An hour is not enough.

Discussion in 'Trumpet Discussion' started by ckkphoto, Mar 14, 2013.

  1. ckkphoto

    ckkphoto Pianissimo User

    Jan 31, 2013
    Northwest Georgia
    Growing up my folks struggled to keep me practicing. I remember the private instructor telling me in front of them that I needed to practice half an hour every day. That sounded like an eternity. Now as a comeback player I try to get in an hour a day, or if I am lucky three half hour segments on weekends. Takes about a half hour to do the daily drills and scales, then a half hour to practice technique (Arban's exercises) or play music I enjoy until I am too tired to play. I frequently find myself wishing I had more time to play. Unfortunately the number of hours I work precludes any more than that especially if I don't want the Mrs to get frustrated with the amount of time I am devoting to practice. Funny how things change. :oops:
  2. gmonady

    gmonady Utimate User

    Jan 28, 2011
    Dayton, Ohio
    If you put a lot into it, an hour may indeed be enough. The key is, when you start to fatigue, than (as you say above) it is time for sure to put the horn down. For the work out I use, that happens in about an hour. However, when I head out for a 4 hour gig, I do fine at that gig (as I take more breaks than during my hour practice session). Keeping going for a four hour gig is my endurance goal. With that said, I added (as I do occasionally) about a half hour to the END of my work session to go over scales, phrases or work books. This evening for instance I added a half hour (after my hour work session) of Articulation Studies from "the art of Jazz trumpet" by John McNeil. It actually felt real good, kinda like dessert.

    Unfortunately, I read page 10 about Miles Davis' using the Gustat mouthpiece... so I went on the internet this evening and bought one for $170 (Gold plated)... That kinda hurt. Definitely an impulse buy.
  3. bumblebee

    bumblebee Fortissimo User

    Jan 21, 2010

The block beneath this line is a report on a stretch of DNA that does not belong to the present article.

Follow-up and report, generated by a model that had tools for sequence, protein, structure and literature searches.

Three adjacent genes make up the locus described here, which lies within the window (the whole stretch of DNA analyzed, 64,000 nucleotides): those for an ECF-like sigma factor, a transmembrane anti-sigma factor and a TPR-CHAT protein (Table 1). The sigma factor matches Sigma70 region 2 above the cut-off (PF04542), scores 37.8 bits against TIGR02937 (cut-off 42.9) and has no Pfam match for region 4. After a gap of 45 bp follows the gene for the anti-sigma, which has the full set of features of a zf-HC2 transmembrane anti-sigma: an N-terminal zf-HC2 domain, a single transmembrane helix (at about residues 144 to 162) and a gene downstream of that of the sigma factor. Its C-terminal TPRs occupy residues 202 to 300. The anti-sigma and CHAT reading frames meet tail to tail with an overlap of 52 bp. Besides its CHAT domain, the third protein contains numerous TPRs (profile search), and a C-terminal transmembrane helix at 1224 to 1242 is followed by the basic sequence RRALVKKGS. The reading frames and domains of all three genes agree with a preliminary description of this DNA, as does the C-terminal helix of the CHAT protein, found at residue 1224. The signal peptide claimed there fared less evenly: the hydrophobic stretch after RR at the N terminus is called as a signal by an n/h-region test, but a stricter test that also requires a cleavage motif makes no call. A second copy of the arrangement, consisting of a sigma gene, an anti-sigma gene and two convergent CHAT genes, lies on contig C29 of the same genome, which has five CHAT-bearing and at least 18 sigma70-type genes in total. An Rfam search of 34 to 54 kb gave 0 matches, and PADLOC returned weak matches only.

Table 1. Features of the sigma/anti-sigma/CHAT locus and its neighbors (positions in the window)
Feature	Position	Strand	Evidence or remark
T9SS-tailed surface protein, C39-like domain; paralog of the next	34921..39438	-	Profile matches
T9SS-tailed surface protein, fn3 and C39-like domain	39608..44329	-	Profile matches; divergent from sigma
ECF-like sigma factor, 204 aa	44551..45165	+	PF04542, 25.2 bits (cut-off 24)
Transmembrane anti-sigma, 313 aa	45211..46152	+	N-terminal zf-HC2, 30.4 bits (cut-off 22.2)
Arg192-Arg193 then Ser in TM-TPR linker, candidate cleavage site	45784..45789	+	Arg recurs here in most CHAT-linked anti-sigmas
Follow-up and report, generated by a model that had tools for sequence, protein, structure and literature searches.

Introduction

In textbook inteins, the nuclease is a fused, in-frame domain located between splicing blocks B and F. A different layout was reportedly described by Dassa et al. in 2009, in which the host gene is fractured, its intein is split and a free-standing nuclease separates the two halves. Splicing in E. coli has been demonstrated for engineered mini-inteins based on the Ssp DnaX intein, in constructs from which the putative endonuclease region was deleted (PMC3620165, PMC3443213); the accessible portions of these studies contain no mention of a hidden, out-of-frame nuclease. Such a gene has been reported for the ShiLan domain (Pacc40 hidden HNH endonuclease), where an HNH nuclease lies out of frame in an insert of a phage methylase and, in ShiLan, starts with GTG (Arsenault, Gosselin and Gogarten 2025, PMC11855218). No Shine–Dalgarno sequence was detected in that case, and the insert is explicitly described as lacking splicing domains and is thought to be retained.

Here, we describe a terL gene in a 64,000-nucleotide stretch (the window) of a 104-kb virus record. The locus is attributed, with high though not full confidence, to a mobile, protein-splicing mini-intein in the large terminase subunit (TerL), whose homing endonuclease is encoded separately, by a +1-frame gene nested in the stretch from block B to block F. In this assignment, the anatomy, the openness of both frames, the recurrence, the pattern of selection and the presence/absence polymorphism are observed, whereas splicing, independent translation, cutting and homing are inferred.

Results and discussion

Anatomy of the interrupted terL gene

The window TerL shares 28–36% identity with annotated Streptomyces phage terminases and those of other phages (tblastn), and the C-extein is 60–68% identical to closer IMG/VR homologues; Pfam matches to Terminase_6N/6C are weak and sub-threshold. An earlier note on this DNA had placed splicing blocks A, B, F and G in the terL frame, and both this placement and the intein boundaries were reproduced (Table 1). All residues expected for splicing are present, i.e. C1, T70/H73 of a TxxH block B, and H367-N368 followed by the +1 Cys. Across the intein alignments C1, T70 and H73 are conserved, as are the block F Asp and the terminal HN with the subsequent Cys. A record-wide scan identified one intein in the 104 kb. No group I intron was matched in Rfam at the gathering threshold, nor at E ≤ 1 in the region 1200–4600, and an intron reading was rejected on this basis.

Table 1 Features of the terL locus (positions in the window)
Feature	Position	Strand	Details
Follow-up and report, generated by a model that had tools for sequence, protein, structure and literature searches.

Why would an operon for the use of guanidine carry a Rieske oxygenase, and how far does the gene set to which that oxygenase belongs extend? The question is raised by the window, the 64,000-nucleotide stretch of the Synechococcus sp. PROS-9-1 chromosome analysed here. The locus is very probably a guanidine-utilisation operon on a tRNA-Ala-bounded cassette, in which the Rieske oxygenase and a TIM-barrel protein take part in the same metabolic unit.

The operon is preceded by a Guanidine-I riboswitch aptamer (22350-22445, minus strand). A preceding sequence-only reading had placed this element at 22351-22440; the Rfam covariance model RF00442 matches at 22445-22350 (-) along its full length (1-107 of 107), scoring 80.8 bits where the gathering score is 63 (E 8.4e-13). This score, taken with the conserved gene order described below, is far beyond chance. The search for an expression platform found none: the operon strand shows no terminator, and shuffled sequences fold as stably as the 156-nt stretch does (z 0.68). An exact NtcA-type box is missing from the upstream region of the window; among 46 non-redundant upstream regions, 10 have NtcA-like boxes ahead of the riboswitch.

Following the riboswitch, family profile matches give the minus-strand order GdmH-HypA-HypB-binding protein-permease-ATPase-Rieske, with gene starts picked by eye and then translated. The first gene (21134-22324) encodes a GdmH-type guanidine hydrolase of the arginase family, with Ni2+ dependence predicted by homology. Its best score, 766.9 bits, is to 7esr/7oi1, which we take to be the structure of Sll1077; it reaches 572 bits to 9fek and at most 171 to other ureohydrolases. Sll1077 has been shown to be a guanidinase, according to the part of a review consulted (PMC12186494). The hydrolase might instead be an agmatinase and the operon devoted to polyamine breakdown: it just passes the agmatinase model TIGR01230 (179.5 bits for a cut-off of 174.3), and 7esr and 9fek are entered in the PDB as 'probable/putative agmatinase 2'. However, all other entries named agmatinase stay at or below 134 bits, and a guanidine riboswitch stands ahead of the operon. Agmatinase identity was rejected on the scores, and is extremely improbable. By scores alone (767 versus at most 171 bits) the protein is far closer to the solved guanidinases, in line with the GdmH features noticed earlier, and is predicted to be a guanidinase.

Great Southern Land
    Wow almost felt like saying "snap!" - I'm working through that book now as well - and last night "warmed down" with a few of those studies as well (played slower, not faster!) and earlier had read about Miles. Didn't think to go and buy a mouthpiece though...

  4. tjcombo

    tjcombo Forte User

    Nov 12, 2012
    Melbourne, Australia
    I think that your experience is almost universal with we comebackers. There's a whole heap of reasons why we attack tasks and interests with more passions second time 'round.

    Something that you might find useful in getting towards the amount of practice time you want... I saw this idea somewhere else on TM - if you're spending time on your own in the car, a mouthpiece with two or three feet of plastic tubing will allow some exercises to be done in otherwise wasted time. It's not too conspicuous although a passing cop make think that you have some type of mobile smoking device in your car. Also, I've found just blowing air through my lips without buzzing and focusing on keeping the aperture the size and shape that I want when playing (choosing my words carefully here because there are a lot of "religious" discussions about aperture, embouchure, buzzing not buzzing etc :-) ).

    If you have a think about the exercises you're doing at home to work on strength, air support etc and use the mpc and tube or even just your lips you can get a similar useful workout. The only proof I can offer is that when I get out of my car and pick up a horn, I'm ready to go like I've been playing for real - and it feels like the extra practice time is working for me.

    BTW, nice to see you're quoting a great Aussie poet in your signature.
  5. Sharvey

    Sharvey Pianissimo User

    Dec 25, 2012